Providing an Open Space for Collaboration and Partnership Among Veteran-Serving Organizations

Over the past three years, the CDC Foundation has worked with the Centers for Disease Control and Prevention (CDC) to address the challenge of suicide among veterans by building evaluation capacity of veteran-serving organizations (VSOs) that are implementing programs to facilitate an upstream public health approach to suicide prevention. 

The veteran and military community is vulnerable to suicide. Although many regard suicide as a result of a mental health condition, social stressors such as lack of strong relationships/social support, substance use, physical health, and housing or financial insecurity are often related to suicide. VSOs provide an array of services to veterans that aim to address the socio-contextual challenges that contribute to increased suicide rates. The efforts of the VSOs offer individuals a safe and open space to build relationships and connect with the community while receiving the support they need. 

While this project has evaluated existing efforts of VSO programs focused on upstream suicide prevention, it has also offered the opportunity to strengthen relationships, build community among VSO grantees and break down silos. 

On May 4, 2021, the CDC Foundation hosted a participant-driven Open Space networking event with leaders from the CDC National Center for Injury Prevention and Control and both current and previous VSO grantees through the veteran suicide prevention evaluation (VSPE) program. This unique meeting style allowed participants to create and guide the agenda and goals for the meeting. VSO participants were able to own discussion priority topics, offering real-time problem solving, collaboration and partnership. 

Thirty-five participants from 11 different VSOs, CDC and the CDC Foundation were able to network and discuss 12 different topics including:

  • Non-traditional funding sources for veteran suicide programs;
  • Strategies and incentives for evaluation engagement;
  • Communication strategies for partner and stakeholder feedback; and
  • How to address burn out among staff while continuing to offer quality services.

Additionally, the CDC Foundation, CDC and the current VSPE grantees had the opportunity to follow up on the short- and long-term actions that VSOs developed from this Open Space meeting during the annual grantee meeting in June. The grantee meeting offered VSO grantees the chance to connect with other public-private stakeholders to share their perspectives and experiences with this evaluation capacity building project and how the past year has been impactful to their programming. These discussions took the form of spark sessions, which had a similar approach to the Open Space Networking event.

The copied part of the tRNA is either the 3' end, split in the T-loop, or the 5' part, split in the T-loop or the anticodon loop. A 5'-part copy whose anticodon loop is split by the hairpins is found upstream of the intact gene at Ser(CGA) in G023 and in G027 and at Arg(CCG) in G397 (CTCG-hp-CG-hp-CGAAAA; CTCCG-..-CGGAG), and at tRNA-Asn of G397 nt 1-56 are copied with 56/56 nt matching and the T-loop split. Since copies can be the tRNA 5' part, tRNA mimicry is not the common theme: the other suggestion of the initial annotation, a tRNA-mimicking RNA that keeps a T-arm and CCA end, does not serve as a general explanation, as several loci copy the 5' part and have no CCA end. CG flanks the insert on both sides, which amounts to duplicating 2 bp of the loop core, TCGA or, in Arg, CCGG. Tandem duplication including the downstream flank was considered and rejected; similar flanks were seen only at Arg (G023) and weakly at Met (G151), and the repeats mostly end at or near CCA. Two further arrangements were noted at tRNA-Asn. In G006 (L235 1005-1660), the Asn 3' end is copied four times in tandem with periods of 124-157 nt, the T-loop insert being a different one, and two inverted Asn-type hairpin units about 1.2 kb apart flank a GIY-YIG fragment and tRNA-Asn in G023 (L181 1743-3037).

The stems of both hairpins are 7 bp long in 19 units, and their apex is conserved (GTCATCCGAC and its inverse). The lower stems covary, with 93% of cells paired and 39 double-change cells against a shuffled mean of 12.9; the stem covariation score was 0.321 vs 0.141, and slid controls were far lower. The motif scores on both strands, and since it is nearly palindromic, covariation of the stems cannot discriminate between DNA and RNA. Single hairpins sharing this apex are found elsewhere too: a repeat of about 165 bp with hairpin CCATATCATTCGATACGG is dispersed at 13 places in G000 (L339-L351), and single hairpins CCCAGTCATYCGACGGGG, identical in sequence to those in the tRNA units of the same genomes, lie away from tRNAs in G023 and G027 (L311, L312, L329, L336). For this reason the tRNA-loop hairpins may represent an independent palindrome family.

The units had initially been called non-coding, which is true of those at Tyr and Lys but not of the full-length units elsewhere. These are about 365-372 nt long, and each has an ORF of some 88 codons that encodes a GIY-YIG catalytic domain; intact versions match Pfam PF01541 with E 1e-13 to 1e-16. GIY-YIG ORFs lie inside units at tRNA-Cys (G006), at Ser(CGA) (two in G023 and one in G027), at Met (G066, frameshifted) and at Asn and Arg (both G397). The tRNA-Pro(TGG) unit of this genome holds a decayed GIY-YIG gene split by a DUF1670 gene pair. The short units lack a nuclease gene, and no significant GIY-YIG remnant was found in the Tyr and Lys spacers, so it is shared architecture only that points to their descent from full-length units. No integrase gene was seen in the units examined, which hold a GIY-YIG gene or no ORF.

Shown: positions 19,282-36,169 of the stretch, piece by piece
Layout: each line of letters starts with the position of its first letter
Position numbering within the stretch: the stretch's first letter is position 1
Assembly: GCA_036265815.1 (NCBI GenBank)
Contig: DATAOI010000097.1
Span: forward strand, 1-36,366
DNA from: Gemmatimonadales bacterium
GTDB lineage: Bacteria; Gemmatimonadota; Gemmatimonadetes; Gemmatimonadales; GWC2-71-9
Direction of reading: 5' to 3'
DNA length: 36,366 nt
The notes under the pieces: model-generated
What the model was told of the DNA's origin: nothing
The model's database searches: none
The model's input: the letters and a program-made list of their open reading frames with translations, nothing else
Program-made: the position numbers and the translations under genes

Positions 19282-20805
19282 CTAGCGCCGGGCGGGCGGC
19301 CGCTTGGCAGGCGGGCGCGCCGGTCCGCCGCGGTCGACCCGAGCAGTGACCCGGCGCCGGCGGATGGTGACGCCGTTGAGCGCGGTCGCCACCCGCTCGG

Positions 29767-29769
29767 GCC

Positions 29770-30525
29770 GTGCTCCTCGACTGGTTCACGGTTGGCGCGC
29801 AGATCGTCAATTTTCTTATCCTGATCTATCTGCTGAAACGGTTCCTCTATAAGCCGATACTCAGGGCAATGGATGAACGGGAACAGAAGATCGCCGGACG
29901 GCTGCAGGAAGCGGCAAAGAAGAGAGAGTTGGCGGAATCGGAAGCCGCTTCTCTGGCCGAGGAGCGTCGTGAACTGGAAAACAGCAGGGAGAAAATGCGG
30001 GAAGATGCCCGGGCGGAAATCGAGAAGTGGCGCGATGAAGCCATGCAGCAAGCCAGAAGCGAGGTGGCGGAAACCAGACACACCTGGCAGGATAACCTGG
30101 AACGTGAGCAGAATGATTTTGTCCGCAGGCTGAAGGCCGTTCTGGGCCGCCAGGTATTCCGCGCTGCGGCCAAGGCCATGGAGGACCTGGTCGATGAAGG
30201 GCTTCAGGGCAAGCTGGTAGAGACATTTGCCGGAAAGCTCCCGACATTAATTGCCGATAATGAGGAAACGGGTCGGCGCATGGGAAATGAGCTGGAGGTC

Each VSPE grantee hosted a breakout room based on a topic related to their year-long project. In the 15-minute sessions, each VSO sparked conversation with a short presentation leading into a TED Talk-like speech to then promote discussion with the various stakeholders attending. Through three rounds of spark sessions, VSOs were able to meet with a wide variety of stakeholders fostering different connections and generating different conversations. 

The other sessions of the event focused on the successes and lessons learned as a culmination of the evaluation project. Both Deborah Stone, ScD, MSW, MPH, suicide prevention team lead for CDC, and William Grimsey (Ret. MG), South Carolina secretary of veterans affairs, spoke about the importance of collaboration and partnership in the upstream prevention of veteran suicide. There was also an opportunity to engage with these leaders and others from CDC and CDC Foundation during a listening session. 

The dynamic conversations during the Open Space event demonstrated the expertise of the grantees in the field and their dedication to sustaining the quality of their programs while working to reduce veteran suicide. This enthusiasm was catalyzed during the final meeting bringing together the wide variety of stakeholders at the meeting.

We are excited to see how engaged the program leadership and public and private stakeholders were during the listening sessions and VSO-hosted spark sessions. Both events gave opportunities for members of the veteran serving community to actively speak and learn from each other in understanding the importance of evaluation to aligning programmatic impact and building sustainable developmental partnerships.  

With additional support this year from CDC, the CDC Foundation is pleased to extend this project into a fourth year and will release a request for proposals in early August. For more information, contact Emily Gordon via email at   

This article is supported by the Centers for Disease Control and Prevention of the U.S. Department of Health and Human Services (HHS) as part of a financial assistance award totaling $300,000 with 100 percent funded by CDC/HHS. The contents are those of the author(s) and do not necessarily represent the official views of, nor an endorsement, by CDC/HHS, or the U.S. Government.

Emily Gordon
Emily Gordon, MPH, is a program officer for the CDC Foundation.